Advertisement

Theoretical and Applied Genetics

, Volume 129, Issue 3, pp 591–602 | Cite as

A remorin gene is implicated in quantitative disease resistance in maize

  • Tiffany M. Jamann
  • Xingyu Luo
  • Laura Morales
  • Judith M. Kolkman
  • Chia-Lin Chung
  • Rebecca J. Nelson
Original Article

Abstract

Key message

Quantitative disease resistance is used by plant breeders to improve host resistance. We demonstrate a role for a maize remorin ( ZmREM6.3 ) in quantitative resistance against northern leaf blight using high-resolution fine mapping, expression analysis, and mutants. This is the first evidence of a role for remorins in plant-fungal interactions.

Abstract

Quantitative disease resistance (QDR) is important for the development of crop cultivars and is particularly useful when loci also confer multiple disease resistance. Despite its widespread use, the underlying mechanisms of QDR remain largely unknown. In this study, we fine-mapped a known quantitative trait locus (QTL) conditioning disease resistance on chromosome 1 of maize. This locus confers resistance to three foliar diseases: northern leaf blight (NLB), caused by the fungus Setosphaeria turcica; Stewart’s wilt, caused by the bacterium Pantoea stewartii; and common rust, caused by the fungus Puccinia sorghi. The Stewart’s wilt QTL was confined to a 5.26-Mb interval, while the rust QTL was reduced to an overlapping 2.56-Mb region. We show tight linkage between the NLB QTL locus and the loci conferring resistance to Stewart’s wilt and common rust. Pleiotropy cannot be excluded for the Stewart’s wilt and the common rust QTL, as they were fine-mapped to overlapping regions. Four positional candidate genes within the 243-kb NLB interval were examined with expression and mutant analysis: a gene with homology to an F-box gene, a remorin gene (ZmREM6.3), a chaperonin gene, and an uncharacterized gene. The F-box gene and ZmREM6.3 were more highly expressed in the resistant line. Transposon tagging mutants were tested for the chaperonin and ZmREM6.3, and the remorin mutant was found to be more susceptible to NLB. The putative F-box is a strong candidate, but mutants were not available to test this gene. Multiple lines of evidence strongly suggest a role for ZmREM6.3 in quantitative disease resistance.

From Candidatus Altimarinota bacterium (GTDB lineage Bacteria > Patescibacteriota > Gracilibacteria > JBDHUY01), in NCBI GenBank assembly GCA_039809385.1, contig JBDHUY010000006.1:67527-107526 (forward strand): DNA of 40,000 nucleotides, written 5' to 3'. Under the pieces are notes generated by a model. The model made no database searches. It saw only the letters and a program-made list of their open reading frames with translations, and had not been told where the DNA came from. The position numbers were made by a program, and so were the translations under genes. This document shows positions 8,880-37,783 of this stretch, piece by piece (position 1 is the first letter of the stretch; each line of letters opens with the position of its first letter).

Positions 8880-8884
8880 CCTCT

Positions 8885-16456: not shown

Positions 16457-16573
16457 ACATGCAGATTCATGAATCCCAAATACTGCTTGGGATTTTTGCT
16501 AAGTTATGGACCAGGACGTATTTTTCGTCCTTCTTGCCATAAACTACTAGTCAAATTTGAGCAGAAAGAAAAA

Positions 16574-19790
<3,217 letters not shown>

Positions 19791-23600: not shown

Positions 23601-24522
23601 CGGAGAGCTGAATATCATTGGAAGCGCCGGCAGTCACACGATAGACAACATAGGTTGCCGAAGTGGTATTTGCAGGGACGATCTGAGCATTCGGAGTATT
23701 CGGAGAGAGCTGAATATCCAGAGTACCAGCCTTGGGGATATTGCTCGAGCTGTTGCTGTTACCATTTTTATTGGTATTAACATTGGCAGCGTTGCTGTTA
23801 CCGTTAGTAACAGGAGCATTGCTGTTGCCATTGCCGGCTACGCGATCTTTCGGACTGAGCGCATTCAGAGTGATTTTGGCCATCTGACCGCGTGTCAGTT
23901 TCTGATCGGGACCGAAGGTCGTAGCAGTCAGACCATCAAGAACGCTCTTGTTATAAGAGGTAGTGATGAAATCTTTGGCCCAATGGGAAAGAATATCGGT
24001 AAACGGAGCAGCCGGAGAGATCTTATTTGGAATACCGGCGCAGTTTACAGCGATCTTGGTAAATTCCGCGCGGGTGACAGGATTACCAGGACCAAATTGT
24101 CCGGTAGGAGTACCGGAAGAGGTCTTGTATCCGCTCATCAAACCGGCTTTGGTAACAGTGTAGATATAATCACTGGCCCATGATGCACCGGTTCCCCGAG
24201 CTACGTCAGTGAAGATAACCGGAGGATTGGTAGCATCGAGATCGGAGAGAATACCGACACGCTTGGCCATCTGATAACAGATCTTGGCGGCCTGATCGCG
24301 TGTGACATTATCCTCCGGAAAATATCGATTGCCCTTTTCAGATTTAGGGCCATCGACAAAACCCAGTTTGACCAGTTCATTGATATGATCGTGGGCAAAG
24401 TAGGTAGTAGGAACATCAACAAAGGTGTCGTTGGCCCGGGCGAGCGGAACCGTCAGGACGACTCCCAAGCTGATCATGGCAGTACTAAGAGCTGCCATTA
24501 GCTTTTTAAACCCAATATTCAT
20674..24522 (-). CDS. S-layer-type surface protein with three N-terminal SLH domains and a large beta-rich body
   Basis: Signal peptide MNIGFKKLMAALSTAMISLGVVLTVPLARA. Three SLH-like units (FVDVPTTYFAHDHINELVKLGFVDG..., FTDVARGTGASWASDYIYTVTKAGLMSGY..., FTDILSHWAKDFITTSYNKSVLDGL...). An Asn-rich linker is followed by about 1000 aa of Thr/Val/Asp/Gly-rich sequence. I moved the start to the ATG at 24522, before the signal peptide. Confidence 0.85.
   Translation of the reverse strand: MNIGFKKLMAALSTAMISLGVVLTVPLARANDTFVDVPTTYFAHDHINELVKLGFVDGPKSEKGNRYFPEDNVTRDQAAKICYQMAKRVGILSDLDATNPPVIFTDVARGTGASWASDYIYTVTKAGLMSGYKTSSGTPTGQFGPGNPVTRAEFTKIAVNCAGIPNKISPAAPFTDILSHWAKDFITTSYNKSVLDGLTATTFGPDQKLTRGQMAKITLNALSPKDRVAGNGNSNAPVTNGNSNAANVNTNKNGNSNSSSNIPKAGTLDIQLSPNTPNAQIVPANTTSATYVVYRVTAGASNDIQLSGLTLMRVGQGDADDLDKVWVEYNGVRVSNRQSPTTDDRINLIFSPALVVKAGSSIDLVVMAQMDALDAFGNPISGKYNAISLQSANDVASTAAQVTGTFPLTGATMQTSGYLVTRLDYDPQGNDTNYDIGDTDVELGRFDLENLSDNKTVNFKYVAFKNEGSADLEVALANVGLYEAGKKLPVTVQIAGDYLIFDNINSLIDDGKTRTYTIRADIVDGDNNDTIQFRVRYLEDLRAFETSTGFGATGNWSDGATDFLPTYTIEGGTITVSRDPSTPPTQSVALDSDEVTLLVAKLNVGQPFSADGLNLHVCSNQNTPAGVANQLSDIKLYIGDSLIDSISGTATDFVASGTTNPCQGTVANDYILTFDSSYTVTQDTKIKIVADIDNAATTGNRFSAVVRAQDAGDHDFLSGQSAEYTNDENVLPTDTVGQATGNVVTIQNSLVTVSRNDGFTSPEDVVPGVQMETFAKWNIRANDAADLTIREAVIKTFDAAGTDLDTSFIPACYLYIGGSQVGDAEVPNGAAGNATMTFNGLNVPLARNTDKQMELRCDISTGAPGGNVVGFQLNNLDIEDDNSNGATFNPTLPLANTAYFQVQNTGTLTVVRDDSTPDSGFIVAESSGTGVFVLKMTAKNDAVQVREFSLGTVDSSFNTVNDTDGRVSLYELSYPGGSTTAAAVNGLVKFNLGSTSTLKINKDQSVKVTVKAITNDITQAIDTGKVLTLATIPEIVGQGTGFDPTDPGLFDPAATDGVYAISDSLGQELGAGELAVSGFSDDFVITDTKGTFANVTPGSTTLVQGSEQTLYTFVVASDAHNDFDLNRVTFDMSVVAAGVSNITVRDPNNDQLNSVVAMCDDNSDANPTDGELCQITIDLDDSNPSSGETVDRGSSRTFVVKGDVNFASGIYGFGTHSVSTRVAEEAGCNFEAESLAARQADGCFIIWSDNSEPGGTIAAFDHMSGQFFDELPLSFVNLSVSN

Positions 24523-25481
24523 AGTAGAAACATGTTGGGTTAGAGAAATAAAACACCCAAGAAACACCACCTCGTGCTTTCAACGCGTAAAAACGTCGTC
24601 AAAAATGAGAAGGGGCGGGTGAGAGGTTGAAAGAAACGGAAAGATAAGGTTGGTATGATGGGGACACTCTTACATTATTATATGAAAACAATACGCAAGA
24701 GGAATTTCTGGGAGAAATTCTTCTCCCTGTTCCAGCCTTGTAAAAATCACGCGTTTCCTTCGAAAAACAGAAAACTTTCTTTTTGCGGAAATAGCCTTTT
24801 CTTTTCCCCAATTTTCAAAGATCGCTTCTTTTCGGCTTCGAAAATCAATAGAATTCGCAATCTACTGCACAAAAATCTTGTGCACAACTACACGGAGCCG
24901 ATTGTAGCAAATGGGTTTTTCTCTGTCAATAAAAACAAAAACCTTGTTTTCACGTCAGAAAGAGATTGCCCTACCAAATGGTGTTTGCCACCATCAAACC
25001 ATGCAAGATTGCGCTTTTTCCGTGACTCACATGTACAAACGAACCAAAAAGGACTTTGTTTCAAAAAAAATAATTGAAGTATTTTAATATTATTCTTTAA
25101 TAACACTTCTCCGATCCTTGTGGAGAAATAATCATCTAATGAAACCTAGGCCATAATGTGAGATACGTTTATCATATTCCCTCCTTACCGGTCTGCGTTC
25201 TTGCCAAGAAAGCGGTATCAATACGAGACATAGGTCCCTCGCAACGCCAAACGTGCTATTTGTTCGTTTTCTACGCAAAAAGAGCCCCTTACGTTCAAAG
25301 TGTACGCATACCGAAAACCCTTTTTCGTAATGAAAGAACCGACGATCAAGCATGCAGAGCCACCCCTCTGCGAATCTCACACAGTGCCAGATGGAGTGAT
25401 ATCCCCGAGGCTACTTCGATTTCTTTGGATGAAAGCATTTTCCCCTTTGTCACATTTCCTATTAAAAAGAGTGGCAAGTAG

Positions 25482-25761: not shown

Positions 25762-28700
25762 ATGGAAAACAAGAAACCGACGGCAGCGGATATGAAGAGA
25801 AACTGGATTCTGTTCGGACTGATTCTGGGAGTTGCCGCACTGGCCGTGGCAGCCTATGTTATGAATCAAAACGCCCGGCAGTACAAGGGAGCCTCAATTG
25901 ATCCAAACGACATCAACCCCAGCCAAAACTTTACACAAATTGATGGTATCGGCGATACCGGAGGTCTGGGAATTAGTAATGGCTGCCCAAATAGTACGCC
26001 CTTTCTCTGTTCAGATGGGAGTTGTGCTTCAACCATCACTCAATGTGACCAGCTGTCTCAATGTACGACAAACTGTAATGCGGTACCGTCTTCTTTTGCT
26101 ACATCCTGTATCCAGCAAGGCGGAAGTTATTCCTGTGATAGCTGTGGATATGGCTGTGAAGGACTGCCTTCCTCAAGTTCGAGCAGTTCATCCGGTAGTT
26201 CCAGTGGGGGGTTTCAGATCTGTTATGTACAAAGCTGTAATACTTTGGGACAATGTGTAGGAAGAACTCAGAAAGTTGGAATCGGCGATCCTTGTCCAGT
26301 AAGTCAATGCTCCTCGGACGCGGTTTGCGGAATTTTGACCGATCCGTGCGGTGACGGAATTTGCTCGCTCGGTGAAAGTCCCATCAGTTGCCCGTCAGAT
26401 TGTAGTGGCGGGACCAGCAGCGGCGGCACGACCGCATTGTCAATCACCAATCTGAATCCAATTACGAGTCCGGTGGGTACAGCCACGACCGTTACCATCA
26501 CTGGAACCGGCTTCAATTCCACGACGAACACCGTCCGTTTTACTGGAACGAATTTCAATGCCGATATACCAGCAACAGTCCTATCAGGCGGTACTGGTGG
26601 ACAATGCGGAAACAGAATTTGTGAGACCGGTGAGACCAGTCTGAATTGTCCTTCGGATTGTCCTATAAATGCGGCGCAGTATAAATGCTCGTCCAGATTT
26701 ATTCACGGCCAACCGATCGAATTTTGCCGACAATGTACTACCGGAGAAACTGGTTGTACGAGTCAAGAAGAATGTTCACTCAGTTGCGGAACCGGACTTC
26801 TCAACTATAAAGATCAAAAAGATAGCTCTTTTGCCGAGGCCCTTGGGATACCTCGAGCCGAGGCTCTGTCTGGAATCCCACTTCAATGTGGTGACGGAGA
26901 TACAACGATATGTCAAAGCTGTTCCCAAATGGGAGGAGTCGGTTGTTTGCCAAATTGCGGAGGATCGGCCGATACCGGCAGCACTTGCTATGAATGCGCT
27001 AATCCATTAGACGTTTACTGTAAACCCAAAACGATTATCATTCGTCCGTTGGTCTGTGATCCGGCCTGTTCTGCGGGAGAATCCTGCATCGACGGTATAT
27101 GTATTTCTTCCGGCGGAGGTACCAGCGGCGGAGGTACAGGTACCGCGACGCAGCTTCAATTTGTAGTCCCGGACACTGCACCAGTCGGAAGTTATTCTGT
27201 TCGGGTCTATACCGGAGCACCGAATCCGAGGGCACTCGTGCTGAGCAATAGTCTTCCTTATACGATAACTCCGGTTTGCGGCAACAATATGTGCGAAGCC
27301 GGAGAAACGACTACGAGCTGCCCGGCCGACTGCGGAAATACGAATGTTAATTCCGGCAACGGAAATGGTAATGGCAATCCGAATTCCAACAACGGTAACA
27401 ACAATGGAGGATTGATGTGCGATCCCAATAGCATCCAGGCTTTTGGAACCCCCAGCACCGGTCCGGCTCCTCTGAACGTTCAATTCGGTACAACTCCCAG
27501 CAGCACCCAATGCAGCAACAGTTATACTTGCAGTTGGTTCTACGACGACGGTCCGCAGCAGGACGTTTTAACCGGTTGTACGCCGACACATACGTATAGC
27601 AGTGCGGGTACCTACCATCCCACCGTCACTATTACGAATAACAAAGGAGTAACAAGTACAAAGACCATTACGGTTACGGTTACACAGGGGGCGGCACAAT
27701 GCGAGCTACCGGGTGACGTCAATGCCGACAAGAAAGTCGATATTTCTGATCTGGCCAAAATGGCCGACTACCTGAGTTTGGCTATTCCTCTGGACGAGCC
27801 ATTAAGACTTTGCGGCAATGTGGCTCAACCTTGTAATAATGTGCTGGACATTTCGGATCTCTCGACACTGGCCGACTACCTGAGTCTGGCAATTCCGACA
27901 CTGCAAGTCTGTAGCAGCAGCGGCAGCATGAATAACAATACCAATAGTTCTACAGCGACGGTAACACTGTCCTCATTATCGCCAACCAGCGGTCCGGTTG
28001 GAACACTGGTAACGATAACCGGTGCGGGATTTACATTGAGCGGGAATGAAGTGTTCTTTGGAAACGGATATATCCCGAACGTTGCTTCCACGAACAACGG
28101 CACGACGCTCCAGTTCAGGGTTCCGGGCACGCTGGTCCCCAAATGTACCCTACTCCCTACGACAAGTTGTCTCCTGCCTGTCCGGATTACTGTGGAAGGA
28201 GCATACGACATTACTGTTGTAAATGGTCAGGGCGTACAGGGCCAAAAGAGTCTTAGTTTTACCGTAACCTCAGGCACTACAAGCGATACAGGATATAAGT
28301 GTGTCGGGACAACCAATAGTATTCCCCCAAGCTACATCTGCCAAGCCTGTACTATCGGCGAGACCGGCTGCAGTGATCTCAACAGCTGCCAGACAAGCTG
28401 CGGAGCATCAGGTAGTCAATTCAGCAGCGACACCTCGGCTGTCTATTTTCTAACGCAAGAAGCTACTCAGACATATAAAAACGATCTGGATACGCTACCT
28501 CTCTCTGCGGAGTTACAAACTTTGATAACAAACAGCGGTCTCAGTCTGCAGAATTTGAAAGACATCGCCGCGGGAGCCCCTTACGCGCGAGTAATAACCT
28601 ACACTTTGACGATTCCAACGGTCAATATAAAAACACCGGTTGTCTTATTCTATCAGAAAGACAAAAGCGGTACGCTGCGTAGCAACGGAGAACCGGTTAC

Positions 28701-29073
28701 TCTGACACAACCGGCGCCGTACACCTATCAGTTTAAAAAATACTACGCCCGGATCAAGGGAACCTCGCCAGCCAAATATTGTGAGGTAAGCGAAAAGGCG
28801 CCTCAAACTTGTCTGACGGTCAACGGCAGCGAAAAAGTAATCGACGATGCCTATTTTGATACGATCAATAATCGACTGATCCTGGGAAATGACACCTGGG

Keywords

Quantitative Trait Locus Diseased Leaf Area Northern Leaf Blight Quantitative Disease Resistance Nest Association Mapping 
These keywords were added by machine and not by the authors. This process is experimental and the keywords may be updated as the learning algorithm improves.

Notes

Acknowledgments

We would like to thank Dr. Peter Balint-Kurti for assisting with the field trial in Clayton, NC. We would also like to acknowledge Drs. Randall Wisser, Jesse Poland, Santiago Mideros, and Peter Balint-Kurti for helpful discussions. We also thank Alyssa Cowles, William Miller, Chris Mancuso, Katharine Constas, and Ariel Fialko for their assistance with field work.

Compliance with ethical standards

Funding

This work was funded by National Science Foundation award 1127076, the McKnight Foundation, the Cornell University Agricultural Experiment Station federal formula funds, Project No. NYC-153418 received from the National Institute of Food and Agriculture (NIFA), United States Department of Agriculture, and Cornell University. Any opinions, findings, conclusions or recommendations expressed in the publication are those of the author(s) and do not necessarily reflect the view of the National Institute of Food and Agriculture (NIFA), of the United States Department of Agriculture (USDA), or of the other funders.

Conflict of interest

The authors declare that they have no conflict of interest.

Supplementary material

122_2015_2650_MOESM1_ESM.pdf (80 kb)
Supplementary material 1 (PDF 80 kb)

References

  1. Adipala E, Lipps P, Madden L (1993) Occurrence of Exserohilum turcicum on maize in Uganda. Plant Dis 77:202CrossRefGoogle Scholar
  2. Bozkurt T, Richardson A, Dagdas Y, Mongrand S, Kamoun S et al (2014) The plant membrane-associated REM1.3 remorin accumulates in discrete perihaustorial domains and enhances susceptibility to Phytophthora infestans. Plant Physiol 165:1005–1018PubMedCentralCrossRefPubMedGoogle Scholar
  3. Broman KW, Wu H, Sen S, Churchill GA (2003) R/qtl: QTL mapping in experimental crosses. Bioinformatics 19:889–890CrossRefPubMedGoogle Scholar